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Advertising practices that can raise the hackles of regulators

Photos, staff plaudits and hypotheticals are still testimonials by any other name

Thursday, November 19, 2009 – 4:05 PM by Les Abromovitz
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Les Abromovitz: Not surprisingly, advisors' hypothetical case studies have happy endings.

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NCS Regulatory Compliance
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Top Executive: Mark Alcaide, COO/Partner




TJ Gilsenan

TJ Gilsenan

November 19, 2009 — 4:23 PM

Les – great column as always. I’d like to get your take on testimonials (or bad reviews for that matter) on websites outside the control of a financial advisor. Specifically I am referring to personal blogs, local search engines (like yelp.com) and even google maps listings. As an example this is a google maps page for Black Rock:

http://maps.google.com/maps?source=ig&hl=en&rlz=1G1GGLQ_ENUS305&=&q=financial%20planner%20nyc&um=1&ie=UTF-8&sa=N&tab=wl

As you can see, there is nothing stopping someone from writing a review visible to all who search for Black Rock. The page belongs to Google and Black Rock has no ability to edit the posts. The same applies to people’s blogs, facebook pages, twitter accounts, etc. In short, the web is turning opinions usually shared on the golf course in to public documents.

What happens when the examiners see that someone has write an unsolicited testimonial for ABC Wealth Management and posted it to their personal Facebook page?

[ note: this comment re-submitted by RIABiz Webmaster upon re-publishing of Les’s column ]

Bill Winterberg

Bill Winterberg

November 19, 2009 — 4:37 PM

@TJ Gilsenan
Fortunately, the IAA of 1940 is very clear regarding the scope of the testimonial prohibition. Rule 206(4)-1(a)(1) says it’s illegal for registered advisers “to publish, circulate, or distribute any advertisement” that refers to any kind of testimonial.

I am not an attorney, but I interpret this to govern all references to testimonials for which the adviser has control or influence.

A testimonial posted at a 3rd party review site (e.g. Angie’s List, Google Maps, Google Sidewiki) that is beyond the control or influence of an adviser would not, in my opinion, violate the rule.

However, if an adviser posts a link on the firm’s website to direct clients and prospects to the review website, I believe it violates the rule. Linking to the review may constitute circulation of the testimonial. The link to the review must be removed from the firm’s website in order to remain compliant with the Act.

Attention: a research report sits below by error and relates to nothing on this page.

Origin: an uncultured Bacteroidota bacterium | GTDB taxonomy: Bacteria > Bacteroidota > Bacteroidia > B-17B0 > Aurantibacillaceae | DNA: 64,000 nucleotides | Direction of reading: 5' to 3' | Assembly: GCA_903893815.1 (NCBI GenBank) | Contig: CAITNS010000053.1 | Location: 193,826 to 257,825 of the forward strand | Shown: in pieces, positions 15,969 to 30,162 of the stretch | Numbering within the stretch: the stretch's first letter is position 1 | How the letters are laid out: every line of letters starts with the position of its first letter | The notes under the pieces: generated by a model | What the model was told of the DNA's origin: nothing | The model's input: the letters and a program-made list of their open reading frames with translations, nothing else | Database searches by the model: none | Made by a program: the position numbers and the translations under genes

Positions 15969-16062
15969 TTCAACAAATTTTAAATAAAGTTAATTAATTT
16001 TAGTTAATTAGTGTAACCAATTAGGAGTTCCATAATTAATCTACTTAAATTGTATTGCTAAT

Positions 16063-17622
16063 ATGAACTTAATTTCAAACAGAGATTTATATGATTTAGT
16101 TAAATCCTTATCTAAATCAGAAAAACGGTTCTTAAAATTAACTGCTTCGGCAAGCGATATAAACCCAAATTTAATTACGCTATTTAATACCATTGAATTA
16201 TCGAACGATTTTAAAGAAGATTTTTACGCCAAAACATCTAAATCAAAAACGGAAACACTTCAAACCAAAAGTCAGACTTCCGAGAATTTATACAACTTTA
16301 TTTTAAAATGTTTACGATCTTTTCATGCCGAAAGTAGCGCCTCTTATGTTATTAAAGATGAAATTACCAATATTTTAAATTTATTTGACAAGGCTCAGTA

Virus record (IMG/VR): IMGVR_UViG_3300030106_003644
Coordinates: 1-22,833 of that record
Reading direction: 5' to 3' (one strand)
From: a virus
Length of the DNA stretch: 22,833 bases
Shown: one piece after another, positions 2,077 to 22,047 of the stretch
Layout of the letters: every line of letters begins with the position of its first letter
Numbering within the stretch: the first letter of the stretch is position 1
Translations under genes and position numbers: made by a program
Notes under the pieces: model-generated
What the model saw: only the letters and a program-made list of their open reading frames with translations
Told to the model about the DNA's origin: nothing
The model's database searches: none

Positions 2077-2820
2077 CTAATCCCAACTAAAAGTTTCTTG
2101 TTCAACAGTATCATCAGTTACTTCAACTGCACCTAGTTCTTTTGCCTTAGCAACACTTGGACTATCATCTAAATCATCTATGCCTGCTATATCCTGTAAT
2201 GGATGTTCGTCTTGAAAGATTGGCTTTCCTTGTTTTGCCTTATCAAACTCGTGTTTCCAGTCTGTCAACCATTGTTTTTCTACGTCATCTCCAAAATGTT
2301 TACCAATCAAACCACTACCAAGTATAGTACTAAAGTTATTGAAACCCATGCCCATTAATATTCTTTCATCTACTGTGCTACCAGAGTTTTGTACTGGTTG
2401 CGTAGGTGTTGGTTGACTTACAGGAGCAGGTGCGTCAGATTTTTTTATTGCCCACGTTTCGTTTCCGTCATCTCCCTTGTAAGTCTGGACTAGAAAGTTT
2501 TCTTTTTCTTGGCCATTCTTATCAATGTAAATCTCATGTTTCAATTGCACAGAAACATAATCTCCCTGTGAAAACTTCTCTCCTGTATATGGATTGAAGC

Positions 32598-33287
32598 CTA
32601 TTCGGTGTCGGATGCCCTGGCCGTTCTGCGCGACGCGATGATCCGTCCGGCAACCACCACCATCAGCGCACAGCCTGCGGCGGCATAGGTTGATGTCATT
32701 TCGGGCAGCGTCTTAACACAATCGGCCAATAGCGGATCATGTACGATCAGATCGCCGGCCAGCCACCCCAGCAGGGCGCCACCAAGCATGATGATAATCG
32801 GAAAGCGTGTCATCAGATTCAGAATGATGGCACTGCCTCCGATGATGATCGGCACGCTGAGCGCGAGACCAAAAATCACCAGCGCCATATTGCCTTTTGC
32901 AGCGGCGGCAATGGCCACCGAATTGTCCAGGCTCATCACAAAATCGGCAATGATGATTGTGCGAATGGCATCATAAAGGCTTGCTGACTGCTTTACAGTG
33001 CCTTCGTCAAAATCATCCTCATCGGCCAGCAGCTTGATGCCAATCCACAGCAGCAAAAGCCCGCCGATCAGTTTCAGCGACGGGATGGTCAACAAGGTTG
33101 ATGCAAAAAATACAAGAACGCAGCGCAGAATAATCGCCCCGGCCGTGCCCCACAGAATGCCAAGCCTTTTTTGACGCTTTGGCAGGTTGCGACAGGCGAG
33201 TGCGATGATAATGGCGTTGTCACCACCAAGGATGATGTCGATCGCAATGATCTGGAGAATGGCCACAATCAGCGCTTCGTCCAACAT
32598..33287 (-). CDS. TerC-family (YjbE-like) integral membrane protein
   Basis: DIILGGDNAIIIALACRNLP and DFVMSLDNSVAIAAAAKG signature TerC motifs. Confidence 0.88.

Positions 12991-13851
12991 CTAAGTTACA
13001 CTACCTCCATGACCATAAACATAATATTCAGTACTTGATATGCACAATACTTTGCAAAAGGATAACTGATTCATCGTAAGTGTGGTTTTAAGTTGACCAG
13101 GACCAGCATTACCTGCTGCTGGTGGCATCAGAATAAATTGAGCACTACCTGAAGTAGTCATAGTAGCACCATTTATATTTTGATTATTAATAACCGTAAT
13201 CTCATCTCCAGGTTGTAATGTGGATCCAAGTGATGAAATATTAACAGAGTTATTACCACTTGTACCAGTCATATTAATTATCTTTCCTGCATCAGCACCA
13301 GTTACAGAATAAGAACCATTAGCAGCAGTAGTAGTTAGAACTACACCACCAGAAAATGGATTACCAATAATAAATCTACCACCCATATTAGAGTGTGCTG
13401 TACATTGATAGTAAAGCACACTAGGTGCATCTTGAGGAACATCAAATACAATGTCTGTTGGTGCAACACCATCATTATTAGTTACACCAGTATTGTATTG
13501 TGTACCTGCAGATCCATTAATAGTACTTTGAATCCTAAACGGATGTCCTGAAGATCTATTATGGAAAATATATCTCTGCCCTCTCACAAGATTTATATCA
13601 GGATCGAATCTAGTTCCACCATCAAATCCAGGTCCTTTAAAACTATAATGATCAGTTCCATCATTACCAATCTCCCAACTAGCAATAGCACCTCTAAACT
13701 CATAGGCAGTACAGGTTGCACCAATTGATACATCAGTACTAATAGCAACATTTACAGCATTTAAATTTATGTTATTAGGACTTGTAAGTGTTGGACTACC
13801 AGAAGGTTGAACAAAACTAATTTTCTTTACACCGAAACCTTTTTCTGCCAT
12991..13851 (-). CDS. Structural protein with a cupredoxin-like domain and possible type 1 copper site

Bill @ <a href="http://fppad.com">FPPad.com</a>

Jan Sackley

Jan Sackley

November 19, 2009 — 5:16 PM

Excellent article and a great reminder for those preparing material for their RIA.

Jan Sackley
Fiduciary Foresight
Risk and Regulatory Compliance Consultants
jan@fiduciaryforesight.com
Twitter@jansackley

Les Abromovitz

Les Abromovitz

November 19, 2009 — 6:22 PM
I appreciate all of your kind words about my column. I agree completely with Bill’s interpretation of the rule prohibiting testimonials. As Bill suggested, I expect that securities regulators will look at whether the adviser had control or influence over the publication, circulation or distribution of the testimonial. I also believe they will question whether the testimonial was truly unsolicited by the RIA. An SEC or state examiner might probe to determine if the adviser encouraged a friend or relative to post the favorable comment.

Les Abromovitz, National Compliance Services

John Cook

John Cook

September 23, 2010 — 1:01 PM

I am a reg. rep. and RIA for a small firm. I market only one product and that is a Hedge Fund, (seperate from my firm and unaffiliated) that I initially invested in back in 1994. Naturally, I have years of history and personal experience as an investor with the fund and I am a close friend of the manager. Those experiences are the reason I am currently marketing the fund today and I certainly share those experiences with potential investors. Does this situation pose any compliance issues, strictly regarding testimonials, that I should be aware of?

Les Abromovitz

Les Abromovitz

September 24, 2010 — 2:37 PM

Unfortunately, this approach seems to raise a number of compliance issues. A lot depends upon the types of marketing materials you are sending, including e-mails to various prospects. You may be engaging in performance advertising, which opens a can of worms.

You also need to document your due diligence in selecting this hedge fund from among other investments. As the IAR for an RIA, you must satisfy your fiduciary obligations to clients and prospective clients.

Les Abromovitz

Les Abromovitz

September 24, 2010 — 2:37 PM

Unfortunately, this approach seems to raise a number of compliance issues. A lot depends upon the types of marketing materials you are sending, including e-mails to various prospects. You may be engaging in performance advertising, which opens a can of worms.

You also need to document your due diligence in selecting this hedge fund from among other investments. As the IAR for an RIA, you must satisfy your fiduciary obligations to clients and prospective clients.

Alison Perrin

Alison Perrin

August 7, 2014 — 12:19 AM

So how can an advisor get their message out there in a big yet compliant way?

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